I had a dream the other night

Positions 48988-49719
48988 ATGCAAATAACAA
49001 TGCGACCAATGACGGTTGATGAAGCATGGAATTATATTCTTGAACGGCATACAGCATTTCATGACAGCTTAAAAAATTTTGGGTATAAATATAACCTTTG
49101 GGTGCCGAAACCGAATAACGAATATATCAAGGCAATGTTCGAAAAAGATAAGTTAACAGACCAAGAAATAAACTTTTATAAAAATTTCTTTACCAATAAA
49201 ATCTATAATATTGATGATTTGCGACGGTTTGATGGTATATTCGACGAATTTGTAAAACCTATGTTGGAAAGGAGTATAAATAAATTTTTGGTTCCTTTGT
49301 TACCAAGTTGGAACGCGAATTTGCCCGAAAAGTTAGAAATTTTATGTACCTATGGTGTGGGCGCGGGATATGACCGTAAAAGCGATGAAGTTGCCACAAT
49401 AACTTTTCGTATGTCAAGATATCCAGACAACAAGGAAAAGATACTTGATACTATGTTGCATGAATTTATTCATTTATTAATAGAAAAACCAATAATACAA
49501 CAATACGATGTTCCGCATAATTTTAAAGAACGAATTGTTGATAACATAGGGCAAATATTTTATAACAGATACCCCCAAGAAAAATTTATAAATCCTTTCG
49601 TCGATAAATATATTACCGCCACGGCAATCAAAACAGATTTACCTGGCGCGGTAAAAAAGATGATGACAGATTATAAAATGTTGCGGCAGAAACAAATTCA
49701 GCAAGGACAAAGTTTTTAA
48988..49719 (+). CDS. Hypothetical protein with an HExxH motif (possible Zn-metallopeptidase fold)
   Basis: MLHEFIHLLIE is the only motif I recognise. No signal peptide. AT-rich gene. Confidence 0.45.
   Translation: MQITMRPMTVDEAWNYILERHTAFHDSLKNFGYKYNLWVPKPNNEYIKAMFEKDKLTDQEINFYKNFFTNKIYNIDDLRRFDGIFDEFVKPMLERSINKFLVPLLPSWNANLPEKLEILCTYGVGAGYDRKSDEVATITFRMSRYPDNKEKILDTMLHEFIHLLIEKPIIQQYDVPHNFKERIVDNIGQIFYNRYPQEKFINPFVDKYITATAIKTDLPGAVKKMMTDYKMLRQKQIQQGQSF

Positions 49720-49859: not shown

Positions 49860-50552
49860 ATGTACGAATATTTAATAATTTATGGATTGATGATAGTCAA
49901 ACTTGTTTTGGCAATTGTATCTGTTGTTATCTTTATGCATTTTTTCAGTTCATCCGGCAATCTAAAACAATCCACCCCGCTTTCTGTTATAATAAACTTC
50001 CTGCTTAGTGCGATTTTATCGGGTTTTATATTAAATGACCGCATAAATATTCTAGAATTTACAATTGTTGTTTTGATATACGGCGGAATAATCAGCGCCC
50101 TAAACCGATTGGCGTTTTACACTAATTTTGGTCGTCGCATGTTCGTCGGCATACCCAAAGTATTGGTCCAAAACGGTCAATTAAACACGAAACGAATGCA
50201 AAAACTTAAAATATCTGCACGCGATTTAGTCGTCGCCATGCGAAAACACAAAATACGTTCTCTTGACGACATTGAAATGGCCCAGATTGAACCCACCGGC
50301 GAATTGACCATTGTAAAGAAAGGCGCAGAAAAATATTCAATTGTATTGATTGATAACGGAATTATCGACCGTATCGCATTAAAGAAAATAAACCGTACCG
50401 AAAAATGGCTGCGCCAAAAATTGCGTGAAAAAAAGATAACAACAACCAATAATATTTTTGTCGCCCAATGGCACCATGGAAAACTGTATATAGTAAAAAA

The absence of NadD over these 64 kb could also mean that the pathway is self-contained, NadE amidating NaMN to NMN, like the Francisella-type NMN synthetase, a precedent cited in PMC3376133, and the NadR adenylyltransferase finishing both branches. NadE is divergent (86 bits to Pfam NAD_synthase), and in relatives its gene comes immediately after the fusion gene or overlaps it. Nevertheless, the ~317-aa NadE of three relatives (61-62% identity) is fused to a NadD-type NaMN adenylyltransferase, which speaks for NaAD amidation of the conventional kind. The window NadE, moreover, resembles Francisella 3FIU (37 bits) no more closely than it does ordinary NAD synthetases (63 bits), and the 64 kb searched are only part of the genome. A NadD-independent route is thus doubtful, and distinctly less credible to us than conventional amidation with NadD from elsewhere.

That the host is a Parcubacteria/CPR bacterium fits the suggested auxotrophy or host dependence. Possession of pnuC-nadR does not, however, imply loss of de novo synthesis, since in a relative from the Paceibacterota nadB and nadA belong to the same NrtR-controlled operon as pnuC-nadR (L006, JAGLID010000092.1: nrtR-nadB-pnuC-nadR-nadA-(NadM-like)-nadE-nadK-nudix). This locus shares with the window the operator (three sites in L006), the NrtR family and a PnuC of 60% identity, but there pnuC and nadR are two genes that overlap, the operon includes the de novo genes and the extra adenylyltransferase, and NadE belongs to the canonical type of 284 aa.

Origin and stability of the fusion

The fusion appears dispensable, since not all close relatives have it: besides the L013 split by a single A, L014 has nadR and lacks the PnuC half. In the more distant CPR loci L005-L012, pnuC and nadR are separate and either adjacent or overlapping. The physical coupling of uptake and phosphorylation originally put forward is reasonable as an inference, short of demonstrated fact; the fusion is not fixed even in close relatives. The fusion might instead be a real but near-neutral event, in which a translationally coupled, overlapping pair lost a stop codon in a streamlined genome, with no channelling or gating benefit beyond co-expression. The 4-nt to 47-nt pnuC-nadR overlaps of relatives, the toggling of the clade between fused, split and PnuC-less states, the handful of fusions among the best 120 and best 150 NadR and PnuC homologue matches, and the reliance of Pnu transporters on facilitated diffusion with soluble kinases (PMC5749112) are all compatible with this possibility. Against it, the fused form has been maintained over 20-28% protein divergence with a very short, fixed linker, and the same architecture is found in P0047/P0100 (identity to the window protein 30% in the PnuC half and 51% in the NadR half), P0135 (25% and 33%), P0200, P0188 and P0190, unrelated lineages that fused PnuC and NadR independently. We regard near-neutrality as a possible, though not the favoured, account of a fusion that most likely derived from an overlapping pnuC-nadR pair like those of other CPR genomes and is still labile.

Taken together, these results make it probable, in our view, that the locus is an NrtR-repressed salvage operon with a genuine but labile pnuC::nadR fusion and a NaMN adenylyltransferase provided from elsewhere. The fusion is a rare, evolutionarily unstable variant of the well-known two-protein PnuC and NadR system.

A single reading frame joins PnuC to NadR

that all of us showed up to church, and instead of carry-ing Bibles and cute purses and cups of coﬀee-based goodness, everyone had armfuls and armfuls of LAUNDRY. Some dirty, some clean, all jumbled. We dumped our loads onto the chairs and into the aisles, and there were socks littering the ﬂoor and undershirts draped across the pristine backs of chairs. The lights were not dim or meditative; everything was bright and visible and stark, and everyone was looking around, picking through the piles like bag ladies or tornado victims. The problem was that everybody’s laundry was all mixed together with everyone else’s, so my missing red sock could be at the bottom of the cotton mountain up in the balcony; your favorite shirt could be over behind the tech booth where some dude named Carl might discover it. It was an impossible intertwining. We wanted nothing more than to get our stuﬀ back — all our holey underwear and embarrassing cut-oﬀs and college sweatshirts. We were so exposed, so spread out, so